Once the church harnessed this technology, radio and television became a huge game changer. This era in church history saw remarkable inroads into previously difficult-to-reach groups because of it, and it caused growth—both in membership and in the church’s ability to produce quality programming for these modes. Faith for Today, for example, as the church’s first televised media ministry, continues now with what it started then. “Faith for Today is a ‘first contact’ ministry,” says Mike Tucker, speaker/director. “Few people today will be baptized without first forming a relationship with people in the church. Faith for Today helps form these relationships by creating television that focuses on areas that matter to secular people, such as relationships and health.”
While not owned or operated by the Church, 3ABN is a supporting ministry whose humble roots have grown into something much greater, providing a platform for other media ministries as well. “The world has greatly changed since 3ABN began broadcasting on satellite television more than 30 years ago,” says Danny Shelton, founder and president. “I thank the Lord that He has used 3ABN as the catalyst for many other Seventh-day Adventist television networks and media groups. In 2016 there is no way we could fulfill the gospel commission without using the avenue of media and broadcasting. Praise God for what He’s doing through each one!”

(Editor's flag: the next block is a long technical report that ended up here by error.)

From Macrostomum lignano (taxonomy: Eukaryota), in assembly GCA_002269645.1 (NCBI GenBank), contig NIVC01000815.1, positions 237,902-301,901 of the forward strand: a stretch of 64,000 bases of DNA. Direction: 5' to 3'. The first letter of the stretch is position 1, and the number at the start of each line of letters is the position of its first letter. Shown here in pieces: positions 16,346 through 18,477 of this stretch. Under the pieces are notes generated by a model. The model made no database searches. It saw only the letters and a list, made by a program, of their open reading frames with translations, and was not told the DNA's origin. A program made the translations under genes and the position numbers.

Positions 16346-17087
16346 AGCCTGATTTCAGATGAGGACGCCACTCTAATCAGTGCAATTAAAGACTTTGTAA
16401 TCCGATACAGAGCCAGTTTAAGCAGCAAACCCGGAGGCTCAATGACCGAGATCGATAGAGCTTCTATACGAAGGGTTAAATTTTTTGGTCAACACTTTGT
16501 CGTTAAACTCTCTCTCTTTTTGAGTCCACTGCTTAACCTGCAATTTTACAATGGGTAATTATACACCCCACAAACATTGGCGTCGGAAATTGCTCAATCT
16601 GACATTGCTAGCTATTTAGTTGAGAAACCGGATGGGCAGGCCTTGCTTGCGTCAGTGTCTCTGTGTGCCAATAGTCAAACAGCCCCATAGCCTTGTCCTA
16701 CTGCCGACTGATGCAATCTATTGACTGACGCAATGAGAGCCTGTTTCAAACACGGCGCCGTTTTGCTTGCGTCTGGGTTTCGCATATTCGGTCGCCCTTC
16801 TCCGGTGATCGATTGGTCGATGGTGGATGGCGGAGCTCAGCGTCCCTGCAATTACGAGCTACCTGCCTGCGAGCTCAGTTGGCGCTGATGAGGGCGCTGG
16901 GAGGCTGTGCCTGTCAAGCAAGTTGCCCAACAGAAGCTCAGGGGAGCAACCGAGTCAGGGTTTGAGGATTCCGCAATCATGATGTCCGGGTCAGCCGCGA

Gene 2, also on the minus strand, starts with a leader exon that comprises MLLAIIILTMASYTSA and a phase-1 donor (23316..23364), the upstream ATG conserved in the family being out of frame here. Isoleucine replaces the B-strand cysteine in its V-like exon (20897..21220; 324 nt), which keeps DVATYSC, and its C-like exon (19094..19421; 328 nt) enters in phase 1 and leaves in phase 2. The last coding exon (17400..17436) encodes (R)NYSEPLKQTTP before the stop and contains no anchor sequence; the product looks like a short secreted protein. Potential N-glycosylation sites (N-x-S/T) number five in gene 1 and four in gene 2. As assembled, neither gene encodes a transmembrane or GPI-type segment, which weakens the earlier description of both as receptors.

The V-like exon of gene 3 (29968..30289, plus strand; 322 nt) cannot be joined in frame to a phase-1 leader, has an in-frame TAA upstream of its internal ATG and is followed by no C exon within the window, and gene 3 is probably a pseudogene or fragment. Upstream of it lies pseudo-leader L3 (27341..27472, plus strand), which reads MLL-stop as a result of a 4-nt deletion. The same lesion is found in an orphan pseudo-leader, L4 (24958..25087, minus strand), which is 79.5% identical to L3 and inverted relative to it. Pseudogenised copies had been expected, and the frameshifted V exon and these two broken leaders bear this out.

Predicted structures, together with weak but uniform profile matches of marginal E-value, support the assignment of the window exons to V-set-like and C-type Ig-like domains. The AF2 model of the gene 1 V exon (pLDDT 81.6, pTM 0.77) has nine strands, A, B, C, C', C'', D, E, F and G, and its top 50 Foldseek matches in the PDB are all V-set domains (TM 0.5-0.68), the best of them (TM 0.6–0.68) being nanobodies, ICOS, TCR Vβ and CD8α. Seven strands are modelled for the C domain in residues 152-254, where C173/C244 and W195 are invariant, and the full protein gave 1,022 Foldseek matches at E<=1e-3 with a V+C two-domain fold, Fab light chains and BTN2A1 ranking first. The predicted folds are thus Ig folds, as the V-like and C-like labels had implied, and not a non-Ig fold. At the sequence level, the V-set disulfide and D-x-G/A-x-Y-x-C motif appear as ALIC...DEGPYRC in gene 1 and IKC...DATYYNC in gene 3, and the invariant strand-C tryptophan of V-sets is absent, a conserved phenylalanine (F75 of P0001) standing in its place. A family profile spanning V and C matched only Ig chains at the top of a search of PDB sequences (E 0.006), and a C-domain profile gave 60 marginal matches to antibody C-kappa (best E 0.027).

While the power of television and radio have not been diminished with new media developments, they have certainly increased in strength—just think of satellite radio and Internet-based streaming services. Everything televised can now easily be found on the Internet through Web sites such as YouTube and Vimeo, among so many others. Adventist media ministries would be inadequate without a solid Web presence, as that is the primary way Western society goes about finding information these days. It is now a significant part of their operations.
Broadcast content, whether through television or radio, is often archived on ministry Web sites, making it easy to stream or download programming for sharing. Web sites increasingly generate traffic through the use of social media in a variety of platforms, such as Facebook, Instagram, Snapchat, Twitter, etc. A strong social media presence is a crucial part of any reputable organization seeking to make a mark in the world, and it is no different for ministry. The ability for anyone, regardless of who they are or where they are, to create video and post it instantaneously with nothing more than a smartphone has created an unparalleled explosion of information accessibility.